Foreign exchange shortage key challenge for Egyptian economy: Industry experts at ECSS workshop

Doaa A.Moneim , Wednesday 7 Feb 2024

The foreign exchange shortage that Egypt has been facing for over two years is currently a key challenge for the Egyptian economy, especially the industrial sector - a challenge that could erode all the actions taken by the country to attain economic growth.



This was the main concern of Egyptian industry sector representatives during the workshop held on Wednesday by the Egyptian Centre for Strategic Studies (ECSS), titled “The Challenges of the National Investment and the Opportunities of Economic Conditions Reconnection.”

The US dollar shortage in the local market is really serious, as manufacturers and businesspersons can set neither their expense plans nor those of the wages, Mohamed El-Sewedy, head of the Federation of the Egyptian Industries (FEI), said.

El-Sewedy also affirmed that providing hard currency liquidity to the market is now crucial, especially for industrial and agricultural sectors, which both are keys to the country’s economic development.

He also noted that Egypt's foreign exchange dual pricing is challenging, calling for adopting a single rate for currency to restore foreign investors’ confidence in Egypt as an atmosphere for investment.

El-Sewedy also highlighted the increasing interest rates issue in the local market.

“The current interest rates, which almost hit 25 percent, are not relevant to the investment climate in general, and to the industry sector in particular. Raising interest rates to contain inflation is ok, but inflation in Egypt is fueled by supply shortage not by rising liquidity,” said El-Sewedy.

He also asserted that the current interest rates represent a further burden on the industry sector and on manufacturers, which leads to a rise in the end product prices in the local market.

Hassan Allam, CEO of Hassan Allam Holding, affirmed that the lack of US dollar liquidity in the market is a key reason behind foreign investors’ aversion to either pump new investments in the Egyptian market or expand the current ones.

Regarding the construction sector, Allam noted that this sector in Egypt has a six million workforce, who are suffering a delay in receiving their dues for the projects they contributed to.

Allam stressed that the construction sector has benefitted from the huge projects that Egypt has constructed over the past ten years, adding that these projects have contributed to uplifting the quality of services the private sector introduces, particularly when it comes to designing, operating, and executing.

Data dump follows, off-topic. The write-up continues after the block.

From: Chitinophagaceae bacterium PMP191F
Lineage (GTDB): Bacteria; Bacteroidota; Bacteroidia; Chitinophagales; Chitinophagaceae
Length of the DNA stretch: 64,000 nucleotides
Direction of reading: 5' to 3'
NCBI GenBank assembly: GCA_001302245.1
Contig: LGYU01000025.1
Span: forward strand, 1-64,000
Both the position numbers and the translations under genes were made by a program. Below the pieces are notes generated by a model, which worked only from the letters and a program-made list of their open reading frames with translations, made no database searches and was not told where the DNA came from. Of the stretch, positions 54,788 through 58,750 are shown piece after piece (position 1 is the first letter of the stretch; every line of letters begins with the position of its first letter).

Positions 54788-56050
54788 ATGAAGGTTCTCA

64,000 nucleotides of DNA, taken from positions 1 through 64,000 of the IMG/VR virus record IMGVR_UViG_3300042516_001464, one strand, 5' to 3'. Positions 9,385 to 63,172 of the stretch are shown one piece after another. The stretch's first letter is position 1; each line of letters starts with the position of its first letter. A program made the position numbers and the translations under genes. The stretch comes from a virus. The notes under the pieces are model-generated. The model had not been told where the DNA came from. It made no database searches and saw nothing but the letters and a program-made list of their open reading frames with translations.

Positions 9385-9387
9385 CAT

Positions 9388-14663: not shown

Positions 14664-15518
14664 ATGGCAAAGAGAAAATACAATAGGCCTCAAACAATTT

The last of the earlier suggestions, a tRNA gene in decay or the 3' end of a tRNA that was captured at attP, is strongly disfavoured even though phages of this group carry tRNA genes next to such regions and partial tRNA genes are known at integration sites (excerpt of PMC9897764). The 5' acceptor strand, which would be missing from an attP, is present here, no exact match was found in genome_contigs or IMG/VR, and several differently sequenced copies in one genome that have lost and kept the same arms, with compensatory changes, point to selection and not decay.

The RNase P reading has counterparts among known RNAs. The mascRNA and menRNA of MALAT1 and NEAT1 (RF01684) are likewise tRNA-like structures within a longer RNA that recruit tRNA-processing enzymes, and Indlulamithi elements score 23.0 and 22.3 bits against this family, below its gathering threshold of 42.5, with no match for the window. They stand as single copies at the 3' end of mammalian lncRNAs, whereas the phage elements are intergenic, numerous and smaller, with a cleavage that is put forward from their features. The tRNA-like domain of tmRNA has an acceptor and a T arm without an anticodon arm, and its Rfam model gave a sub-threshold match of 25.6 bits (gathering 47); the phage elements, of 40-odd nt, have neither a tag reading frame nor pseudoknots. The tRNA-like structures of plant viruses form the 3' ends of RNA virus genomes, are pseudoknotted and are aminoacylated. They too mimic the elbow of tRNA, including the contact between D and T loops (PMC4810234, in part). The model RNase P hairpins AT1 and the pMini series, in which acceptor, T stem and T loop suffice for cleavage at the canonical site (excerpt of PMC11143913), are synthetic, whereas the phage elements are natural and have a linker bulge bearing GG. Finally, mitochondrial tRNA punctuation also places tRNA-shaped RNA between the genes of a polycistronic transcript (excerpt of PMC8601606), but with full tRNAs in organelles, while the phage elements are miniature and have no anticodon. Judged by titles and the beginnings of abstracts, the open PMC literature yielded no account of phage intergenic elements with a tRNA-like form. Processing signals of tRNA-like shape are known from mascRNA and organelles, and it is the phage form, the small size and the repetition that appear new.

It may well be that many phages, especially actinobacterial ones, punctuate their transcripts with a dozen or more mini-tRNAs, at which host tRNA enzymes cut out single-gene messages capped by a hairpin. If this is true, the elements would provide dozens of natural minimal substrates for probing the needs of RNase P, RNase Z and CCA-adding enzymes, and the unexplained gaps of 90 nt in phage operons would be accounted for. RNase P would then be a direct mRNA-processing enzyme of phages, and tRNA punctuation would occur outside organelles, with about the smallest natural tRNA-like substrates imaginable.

“This has made the private sector’s companies in this field cheaper in comparison to the public or governmental companies in terms of project costs. That’s why counting on the private sector is crucial for the country to lead its growth,” he stated.

Although the State Ownership Policy Document has set a wide range of partnerships between the private sector and the governmental bodies, particularly the PPPs and POT, the number of projects assigned to the private sector since the issuance of this document is very limited, Allam added.

The completion of Egypt’s ongoing $3 billion loan deal and the acceleration of the government’s IPO programme are key factors to restore foreign direct investments (FDIs) and to overcome the US dollar shortage crisis, Sherif El-Kholy, head of MENA at the private equity company Actis, said.

“These actions are crucial for the investment climate in Egypt,” El-Kholy stressed.

Moreover, levelling up the field between the public and private sectors is critical to getting the foreign capital back to the local market, according to El-Kholy.

He also noted that the market should be provided with the required US dollar liquidity, and investors should be allowed to enter and exit the market without restrictions.

Attaining sustainable economic growth, setting a long-term clear vision, and guaranteeing fair competition in the market are the currently needed actions to overcome the ongoing challenges of the Egyptian economy, said Ahmed Sobhy, Banque Misr’s equity sector head and Misr Capital CEO.

Unlike El Sewedy’s point of view, Sobhy believes tightening the Egyptian monetary policy through raising key interest rates is necessary now to stimulate investors’ appetite to pump new investments into the local market.

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